CSS Structure - what a mess

Published Saturday, November 3rd 2007

A 2 minute read 430 words

James posted a message on my blog some weeks ago and it's only now that a penny has dropped in my mind about what we need to deal with the issue of structure in CSS - the problem is we have none. As James points out you end up with a flat mess that with all the best will in the world definitions are hard to find.

I've ranted before about the annoyances of CSS - particularly to do with the lack of variables or constant definitions without recourse to server side scripting and about the nature of the W3C CSS working group not being well represented by techies - especially as CSS is nearly a language in its own right the same way Regular Expressions are.

As the web building fraternity finally weans itself off of dreamweaver and table based design and adopts a more semantic, HTML-lite way of building sites, the CSS files are getting bigger and bigger all the time.

At the moment, to get a degree of specificity one has to redeclare selectors:

div#header div.nav ul {} div#header div#logo img {}

for example.

Many CSS zealots would say "But you can get rid of div#header altogether" and I can in this instance but what happens if my div#logo doesn't appear in div#header on a page and certainly it's not uncommon to have navigation in a header as well as a sidebar.

As can be seen, in order to get specificity we increase verbosity. Anyone that is fully converted to CSS design will tell you this, it's the casual "div stackers" who just declare a new class for every element in the document which ruins the HTML.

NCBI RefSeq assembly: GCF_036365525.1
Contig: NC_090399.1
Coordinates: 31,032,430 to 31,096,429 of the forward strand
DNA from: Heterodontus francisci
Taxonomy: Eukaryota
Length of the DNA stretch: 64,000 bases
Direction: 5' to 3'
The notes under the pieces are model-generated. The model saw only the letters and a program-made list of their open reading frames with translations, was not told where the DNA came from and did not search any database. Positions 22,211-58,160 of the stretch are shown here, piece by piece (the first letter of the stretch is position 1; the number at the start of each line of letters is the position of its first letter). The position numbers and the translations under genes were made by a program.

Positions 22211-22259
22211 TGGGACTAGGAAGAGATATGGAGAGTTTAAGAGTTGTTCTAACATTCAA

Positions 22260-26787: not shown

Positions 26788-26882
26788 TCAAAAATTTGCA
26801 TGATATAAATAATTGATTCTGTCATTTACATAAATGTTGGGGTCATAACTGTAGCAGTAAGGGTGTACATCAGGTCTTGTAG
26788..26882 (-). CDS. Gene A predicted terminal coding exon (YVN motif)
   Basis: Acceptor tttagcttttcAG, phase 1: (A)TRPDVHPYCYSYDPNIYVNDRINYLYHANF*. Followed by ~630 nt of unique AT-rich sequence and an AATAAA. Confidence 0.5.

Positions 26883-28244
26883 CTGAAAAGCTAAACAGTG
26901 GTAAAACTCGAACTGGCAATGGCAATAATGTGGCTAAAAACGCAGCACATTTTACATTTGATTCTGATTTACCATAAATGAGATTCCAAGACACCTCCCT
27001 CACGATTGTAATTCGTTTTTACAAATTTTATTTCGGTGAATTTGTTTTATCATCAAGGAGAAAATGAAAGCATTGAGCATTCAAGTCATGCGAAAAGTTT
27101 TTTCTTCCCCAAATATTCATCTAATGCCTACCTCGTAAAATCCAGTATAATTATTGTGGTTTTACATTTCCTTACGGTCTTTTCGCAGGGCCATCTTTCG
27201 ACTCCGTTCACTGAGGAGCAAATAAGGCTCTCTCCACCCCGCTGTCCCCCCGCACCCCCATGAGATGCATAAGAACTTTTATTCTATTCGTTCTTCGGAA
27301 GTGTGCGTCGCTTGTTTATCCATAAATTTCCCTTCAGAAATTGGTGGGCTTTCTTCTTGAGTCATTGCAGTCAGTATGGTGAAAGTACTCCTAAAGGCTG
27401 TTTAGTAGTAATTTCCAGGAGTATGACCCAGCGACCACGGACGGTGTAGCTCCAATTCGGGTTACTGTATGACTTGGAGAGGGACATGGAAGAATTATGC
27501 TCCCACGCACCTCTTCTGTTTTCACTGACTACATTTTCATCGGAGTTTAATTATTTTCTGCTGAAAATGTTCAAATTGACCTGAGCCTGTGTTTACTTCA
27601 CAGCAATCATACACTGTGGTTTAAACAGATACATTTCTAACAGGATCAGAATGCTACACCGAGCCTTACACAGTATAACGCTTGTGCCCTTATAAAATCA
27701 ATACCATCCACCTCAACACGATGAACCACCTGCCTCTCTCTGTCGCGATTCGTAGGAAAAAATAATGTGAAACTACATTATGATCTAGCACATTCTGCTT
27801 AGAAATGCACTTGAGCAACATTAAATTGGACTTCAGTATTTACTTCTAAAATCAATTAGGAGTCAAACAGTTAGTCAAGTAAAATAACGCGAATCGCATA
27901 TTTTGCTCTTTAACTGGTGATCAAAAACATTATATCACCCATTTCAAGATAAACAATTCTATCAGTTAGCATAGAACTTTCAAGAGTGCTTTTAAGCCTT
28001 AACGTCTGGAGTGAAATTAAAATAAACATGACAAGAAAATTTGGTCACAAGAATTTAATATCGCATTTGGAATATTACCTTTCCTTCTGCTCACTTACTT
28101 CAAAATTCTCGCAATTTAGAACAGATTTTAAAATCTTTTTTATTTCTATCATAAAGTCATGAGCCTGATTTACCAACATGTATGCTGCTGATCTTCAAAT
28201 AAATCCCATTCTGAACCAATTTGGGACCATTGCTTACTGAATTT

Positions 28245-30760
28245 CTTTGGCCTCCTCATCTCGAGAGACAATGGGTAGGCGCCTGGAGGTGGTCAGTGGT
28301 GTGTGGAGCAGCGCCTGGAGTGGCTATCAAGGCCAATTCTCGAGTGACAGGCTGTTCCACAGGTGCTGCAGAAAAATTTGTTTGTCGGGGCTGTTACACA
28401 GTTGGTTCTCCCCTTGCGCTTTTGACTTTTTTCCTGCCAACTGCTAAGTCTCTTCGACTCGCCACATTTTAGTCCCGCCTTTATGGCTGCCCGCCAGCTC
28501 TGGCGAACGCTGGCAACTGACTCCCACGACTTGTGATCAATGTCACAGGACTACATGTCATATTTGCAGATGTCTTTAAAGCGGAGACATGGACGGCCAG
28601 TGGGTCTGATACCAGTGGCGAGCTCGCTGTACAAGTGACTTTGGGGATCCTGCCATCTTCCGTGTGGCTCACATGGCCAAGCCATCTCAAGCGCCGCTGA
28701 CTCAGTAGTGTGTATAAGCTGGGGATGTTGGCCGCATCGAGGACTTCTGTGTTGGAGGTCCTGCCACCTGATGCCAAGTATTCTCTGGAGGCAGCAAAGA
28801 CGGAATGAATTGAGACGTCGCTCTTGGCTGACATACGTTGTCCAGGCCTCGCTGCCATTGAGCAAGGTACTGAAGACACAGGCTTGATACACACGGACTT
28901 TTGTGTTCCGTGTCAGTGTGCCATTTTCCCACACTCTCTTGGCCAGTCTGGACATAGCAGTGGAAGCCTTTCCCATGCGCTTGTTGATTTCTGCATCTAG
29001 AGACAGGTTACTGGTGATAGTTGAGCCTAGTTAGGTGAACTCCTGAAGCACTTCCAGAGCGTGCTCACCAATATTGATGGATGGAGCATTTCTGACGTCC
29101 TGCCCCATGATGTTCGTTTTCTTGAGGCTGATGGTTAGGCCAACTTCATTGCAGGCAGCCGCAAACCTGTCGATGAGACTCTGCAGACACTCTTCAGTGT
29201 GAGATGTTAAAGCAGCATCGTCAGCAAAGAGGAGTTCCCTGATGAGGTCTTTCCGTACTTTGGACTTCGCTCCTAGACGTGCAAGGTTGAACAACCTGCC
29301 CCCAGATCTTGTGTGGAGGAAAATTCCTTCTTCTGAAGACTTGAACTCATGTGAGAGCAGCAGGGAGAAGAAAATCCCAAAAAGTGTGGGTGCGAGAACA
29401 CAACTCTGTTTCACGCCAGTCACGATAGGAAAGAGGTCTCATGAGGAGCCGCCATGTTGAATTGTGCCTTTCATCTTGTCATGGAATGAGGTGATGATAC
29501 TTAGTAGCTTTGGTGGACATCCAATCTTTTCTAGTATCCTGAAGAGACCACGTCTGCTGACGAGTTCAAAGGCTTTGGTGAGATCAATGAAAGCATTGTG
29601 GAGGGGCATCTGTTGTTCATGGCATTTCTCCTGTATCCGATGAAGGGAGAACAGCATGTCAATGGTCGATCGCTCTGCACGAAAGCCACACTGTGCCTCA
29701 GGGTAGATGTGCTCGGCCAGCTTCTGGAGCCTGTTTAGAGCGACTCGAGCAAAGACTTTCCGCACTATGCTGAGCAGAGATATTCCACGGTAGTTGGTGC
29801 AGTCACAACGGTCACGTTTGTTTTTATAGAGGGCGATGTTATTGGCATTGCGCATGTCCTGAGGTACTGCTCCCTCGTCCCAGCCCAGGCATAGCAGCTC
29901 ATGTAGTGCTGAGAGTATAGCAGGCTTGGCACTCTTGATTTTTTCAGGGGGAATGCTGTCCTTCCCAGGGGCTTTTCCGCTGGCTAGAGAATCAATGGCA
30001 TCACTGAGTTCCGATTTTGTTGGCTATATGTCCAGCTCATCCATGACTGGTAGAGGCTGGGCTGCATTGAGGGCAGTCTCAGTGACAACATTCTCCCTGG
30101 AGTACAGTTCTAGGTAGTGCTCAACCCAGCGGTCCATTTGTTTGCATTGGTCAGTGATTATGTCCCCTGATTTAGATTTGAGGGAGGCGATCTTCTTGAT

My solution then W3C if you're listening is this. Cascade in the style sheet, cascade in the CSS file.

In many programming languages there is a keyword to get you down to the level of an object that you are going to manipluate numerous properties of in one go for example "with" in VB. Thus I could say:

with myobject .property1 = x; .property2 = y; endwith

The CSS equivalent would be:

div#header { div#logo img { css } div#nav { css ul { css } } }

This gives you the specificity required, removing the redundancy and creates a cascade like structure to the document that would also make things much easier to debug what is going on.

Structural CSS along with variables would make a massive contribution to the developmental side of CSS as a language that could revolutionise the way we use CSS with the web.

"CSS Structure - what a mess" by ajfisher is licensed under a CC BY-NC-SA 4.0 International License.

Source for citation: ajfisher.me/2007/11/02/css-structure-what-a-mess.